Technology integration frameworks are a great reminder for us to stay focused on the primary goal in education, meaningful learning for the students. As I re-examined the SAMR and TPACK models this week, there was one main difference that stood out to me. SAMR is evaluative in nature, while TPACK is a more theoretical framework that can help to guide planning. 

SAMR – The Technology Integrator’s Litmus Test

When I look at most visualizations of SAMR, I can’t help but think back to my highschool chemistry class when we would dip a strip of paper in solution, and judge its pH by the colour it turned. In the same way, we can drop our lessons and learning experiences into a SAMR flowchart like this and out pops the judgement of how effectively technology is integrated into it. Of course unlike the buffer solution gone wrong in chemistry class, we can then adapt and change our teaching practice to hopefully reach that hallowed ground of redefinition.

A “Litmus Test” representation from Common Sense Education

This is probably not the best way to look at it. SAMR should not just be a test or a tool, but a mindset that helps us to really assess how technology has impacted student learning, and the benefits of those changes.

Another representation of SAMR by Sylvia Duckworth

I found this article by Bea Leiderman helpful in really explaining how SAMR can guide instruction and the questions we should be asking ourselves to effectively use it. While visualizations of SAMR often make it seem like Redefinition is miles away from Substitution, by ignoring the questions “How is this different from what was done before?” and “What are the students making/learning?” they can actually be much closer than they appear.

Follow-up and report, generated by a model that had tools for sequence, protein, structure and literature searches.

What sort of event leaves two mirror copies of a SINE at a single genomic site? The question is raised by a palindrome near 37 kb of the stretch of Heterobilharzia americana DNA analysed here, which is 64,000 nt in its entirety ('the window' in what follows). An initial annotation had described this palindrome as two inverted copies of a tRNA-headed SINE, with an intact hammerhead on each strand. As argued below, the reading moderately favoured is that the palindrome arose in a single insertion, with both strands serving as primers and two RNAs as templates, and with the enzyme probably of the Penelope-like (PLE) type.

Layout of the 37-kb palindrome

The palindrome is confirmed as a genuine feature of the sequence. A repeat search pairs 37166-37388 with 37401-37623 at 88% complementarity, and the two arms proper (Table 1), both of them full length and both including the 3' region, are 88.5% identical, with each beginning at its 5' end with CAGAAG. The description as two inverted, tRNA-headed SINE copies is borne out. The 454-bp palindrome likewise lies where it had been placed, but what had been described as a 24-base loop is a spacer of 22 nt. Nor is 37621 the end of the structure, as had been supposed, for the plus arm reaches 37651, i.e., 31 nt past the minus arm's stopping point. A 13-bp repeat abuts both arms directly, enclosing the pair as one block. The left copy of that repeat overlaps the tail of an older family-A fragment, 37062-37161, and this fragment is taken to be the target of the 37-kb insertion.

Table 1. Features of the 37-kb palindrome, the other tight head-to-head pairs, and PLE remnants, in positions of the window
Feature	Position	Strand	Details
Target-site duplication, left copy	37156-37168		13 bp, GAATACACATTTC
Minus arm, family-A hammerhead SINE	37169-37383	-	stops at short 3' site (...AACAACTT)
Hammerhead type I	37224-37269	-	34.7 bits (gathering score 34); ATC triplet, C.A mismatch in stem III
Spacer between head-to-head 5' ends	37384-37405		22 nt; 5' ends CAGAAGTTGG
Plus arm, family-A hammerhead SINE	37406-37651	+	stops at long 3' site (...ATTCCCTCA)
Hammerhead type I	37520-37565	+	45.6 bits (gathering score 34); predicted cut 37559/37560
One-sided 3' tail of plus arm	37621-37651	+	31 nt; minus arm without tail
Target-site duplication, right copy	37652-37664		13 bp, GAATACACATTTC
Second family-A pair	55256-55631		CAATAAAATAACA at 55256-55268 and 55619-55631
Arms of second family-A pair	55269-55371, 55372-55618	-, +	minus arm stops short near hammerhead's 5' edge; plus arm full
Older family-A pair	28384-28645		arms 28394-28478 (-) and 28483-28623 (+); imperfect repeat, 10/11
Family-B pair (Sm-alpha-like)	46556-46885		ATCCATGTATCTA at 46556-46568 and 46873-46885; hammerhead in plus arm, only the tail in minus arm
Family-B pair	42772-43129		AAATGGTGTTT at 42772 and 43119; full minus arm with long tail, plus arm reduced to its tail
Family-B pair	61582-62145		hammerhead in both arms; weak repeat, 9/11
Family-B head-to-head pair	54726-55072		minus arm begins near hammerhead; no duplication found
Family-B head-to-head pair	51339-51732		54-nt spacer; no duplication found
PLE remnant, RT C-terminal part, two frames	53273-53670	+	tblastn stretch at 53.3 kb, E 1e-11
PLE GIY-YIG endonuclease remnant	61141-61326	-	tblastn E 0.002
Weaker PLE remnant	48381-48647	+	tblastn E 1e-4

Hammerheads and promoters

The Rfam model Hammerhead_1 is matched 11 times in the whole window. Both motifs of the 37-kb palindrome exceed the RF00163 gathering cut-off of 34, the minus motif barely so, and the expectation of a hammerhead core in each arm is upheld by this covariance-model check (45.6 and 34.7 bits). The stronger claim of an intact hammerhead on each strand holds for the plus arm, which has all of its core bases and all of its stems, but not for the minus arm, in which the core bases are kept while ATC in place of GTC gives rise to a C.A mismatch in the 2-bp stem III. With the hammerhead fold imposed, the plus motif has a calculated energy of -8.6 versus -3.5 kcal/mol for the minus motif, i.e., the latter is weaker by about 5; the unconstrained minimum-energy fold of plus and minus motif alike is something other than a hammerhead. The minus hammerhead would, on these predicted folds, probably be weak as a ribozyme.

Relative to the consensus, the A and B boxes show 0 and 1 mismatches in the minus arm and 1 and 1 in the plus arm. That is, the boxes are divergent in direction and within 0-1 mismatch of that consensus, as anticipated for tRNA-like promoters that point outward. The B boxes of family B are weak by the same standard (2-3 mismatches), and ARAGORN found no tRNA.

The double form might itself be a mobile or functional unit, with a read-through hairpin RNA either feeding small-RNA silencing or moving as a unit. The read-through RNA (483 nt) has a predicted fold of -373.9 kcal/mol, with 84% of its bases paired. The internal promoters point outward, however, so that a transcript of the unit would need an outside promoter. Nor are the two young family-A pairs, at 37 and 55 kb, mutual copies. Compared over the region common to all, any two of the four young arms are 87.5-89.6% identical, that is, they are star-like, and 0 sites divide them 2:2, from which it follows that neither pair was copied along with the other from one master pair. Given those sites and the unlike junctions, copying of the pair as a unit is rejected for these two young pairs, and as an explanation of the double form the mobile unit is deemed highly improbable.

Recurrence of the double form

I really liked this simple visual of the framework, and how it focused on teacher focused vs. learner focused changes as the big difference between Substitution, Augmentation, Modification and Redefinition.

TPACK – A Useful Planning Tool

TPACK on the other hand feels far less evaluative in nature. It is a reminder that without all three of the domains of technology, content and pedagogical knowledge, something will be lacking in our students learning experiences. What is TPACK Theory and How Can It Be Used In The Classroom? summarizes it nicely and references an article by Harris and Hofer that explains how it can be used to guide planning. They suggest that TPACK can be used to effectively plan by first starting with the content (or concepts) that the students will learn (CK). The next step is determining the best activity or experience for helping those students to learn using good pedagogy (PK) and then finally determining what technology sill support, enhance or extend student learning most effectively.

Is This Relevant?

At times, I look at these models and wonder whether they are relevant in today’s context of education, where technology is a constant presence in the lives of our students, and the barriers of entry to learning and using new technologies are becoming smaller. One of the arguments outlined in the literature on TPACK is that technology is often kept separate because it requires direct instruction and become the focus of the learning, but is that argument as relevant when you can teach a 10 year old to rapid prototype and 3D print in a 50 minute period?

However, I realise that I have a different perspective, and these are worthwhile and important ideas to be talking about within schools. I recently had a colleague ask for suggestions of apps that students could use for independent math learning, that led to a much longer debate on effective use of technology. It led to the question “What is the value of an app that is essentially just fancy flashcards?” and we talked about more effective ways to engage students in independent learning. While of course there are tons of great apps out there, technology for the sake of technology is not good pedagogy, and we all need that reminder sometimes.